Whether we’re talking about family, partners/significant other, friends, coworkers or neighbors, in order for it to fall into the relationship category you have to interact with them. For estranged family members or neighbors you don’t even know by name, it’s not really a relationship, and we won’t be focusing on it much, other than in a conversation about starting or fixing relationships. Today though I want to focus on the one thing that frustrates, challenges and hurts us when it comes to relationships: fighting and disagreements.
Any time there’s a relationship there’s always more than one person involved. And with each and every one of us comes opinions, likes and dislikes, fears, and different ways of seeing things, which means that it’s very likely there will be at least one fight or heated disagreement between you during the course of your relationship (even if it’s over something like a misheard comment or lack of context). So if you want the best relationship possible there’s one thing to keep in mind: peace starts with you. Don’t expect or require them to always be the peacemaker or hope that you’ll never be lacking peace, choose to bring peace to your relationships and work on learning how to work things out in a more peaceful manner. Is peace something you need to work on this week?
“First, keep the peace within yourself. Then you can bring peace to others.” Thomas a Kempis
This week I got the news that a family friend is getting very close to the end of his journey. He’s had medical problems for years and things have worsened and now he and his wife are working with hospice. The man has always had a great sense of humor, is good to his friends, loves his wife, and has really endured through serious medical issues in a positive way that you don’t often see. He’s not perfect, none of us are, and I’m sure that he’s had his moments of anger and frustration, as well as fear and sadness, especially at this point in time.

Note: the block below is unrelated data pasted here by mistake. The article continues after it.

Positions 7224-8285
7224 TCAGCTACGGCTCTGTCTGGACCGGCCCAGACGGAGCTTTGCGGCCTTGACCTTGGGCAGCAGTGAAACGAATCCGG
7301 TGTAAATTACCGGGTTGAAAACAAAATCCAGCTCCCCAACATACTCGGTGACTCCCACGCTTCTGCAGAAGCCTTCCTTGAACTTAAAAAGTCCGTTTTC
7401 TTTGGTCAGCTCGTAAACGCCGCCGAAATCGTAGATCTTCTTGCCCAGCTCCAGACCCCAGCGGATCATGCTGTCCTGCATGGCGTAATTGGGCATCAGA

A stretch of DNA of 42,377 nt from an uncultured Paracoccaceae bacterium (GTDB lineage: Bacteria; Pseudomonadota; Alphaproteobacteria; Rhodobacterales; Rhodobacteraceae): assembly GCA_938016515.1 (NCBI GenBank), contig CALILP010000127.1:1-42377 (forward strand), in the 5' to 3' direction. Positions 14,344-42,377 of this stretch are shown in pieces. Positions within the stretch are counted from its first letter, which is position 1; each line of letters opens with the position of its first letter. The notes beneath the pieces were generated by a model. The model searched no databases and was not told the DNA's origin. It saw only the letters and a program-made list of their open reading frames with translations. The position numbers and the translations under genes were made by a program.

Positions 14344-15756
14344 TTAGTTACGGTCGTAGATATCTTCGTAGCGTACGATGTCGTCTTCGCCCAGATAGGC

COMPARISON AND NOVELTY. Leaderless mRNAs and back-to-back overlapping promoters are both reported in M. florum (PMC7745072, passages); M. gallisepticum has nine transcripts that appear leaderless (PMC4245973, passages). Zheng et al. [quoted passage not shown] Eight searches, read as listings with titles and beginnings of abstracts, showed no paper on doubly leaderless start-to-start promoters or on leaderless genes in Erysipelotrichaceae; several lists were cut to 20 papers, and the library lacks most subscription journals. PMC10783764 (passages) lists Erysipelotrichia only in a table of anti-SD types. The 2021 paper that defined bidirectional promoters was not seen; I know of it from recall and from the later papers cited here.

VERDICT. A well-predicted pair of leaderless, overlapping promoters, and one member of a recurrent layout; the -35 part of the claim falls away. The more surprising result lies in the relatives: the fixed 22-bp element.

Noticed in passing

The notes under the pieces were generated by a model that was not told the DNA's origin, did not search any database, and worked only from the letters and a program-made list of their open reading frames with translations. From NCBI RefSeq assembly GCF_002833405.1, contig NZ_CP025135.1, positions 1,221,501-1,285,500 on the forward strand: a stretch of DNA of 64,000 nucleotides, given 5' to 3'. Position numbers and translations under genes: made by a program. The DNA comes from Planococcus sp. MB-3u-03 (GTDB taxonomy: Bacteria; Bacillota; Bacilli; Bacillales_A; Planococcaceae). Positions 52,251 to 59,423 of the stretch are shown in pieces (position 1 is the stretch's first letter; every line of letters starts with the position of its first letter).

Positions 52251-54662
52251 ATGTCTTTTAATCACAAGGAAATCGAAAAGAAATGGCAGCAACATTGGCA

It’s not easy to know the end is very close, whether it’s your life or that of someone you know well, especially when they’re one of those ‘good people.’ No, it’s not good to wish anyone were dead or think it’s better to lose someone who has some not so great habits (everyone has a family and a mother), but when the world loses a bright soul it seems like it’s felt even more. What would you do if you knew that your end was near? I would hope that you would take advantage of every moment you have with those you love, and maybe even do a splurge or two that you’ve always wanted, like take a special trip with your partner or kids, maybe even take the opportunity to try and mend a few fences.
As I was reflecting on the impending loss of this friend it got me thinking about the other side of death and loss, the side of the living. We don’t go anywhere when someone we know or love dies, we’re still here. And often we end up at a funeral or life celebration talking about them with other friends and family. It’s not often that we’ve got the opportunity to let someone know what they meant to us and how thankful we are that they’ve been in our life before they pass. It adds something to the grieving process for both sides, to be able to share that with them and support and love them, and it can make their last days very meaningful and happy, instead of painful and sad.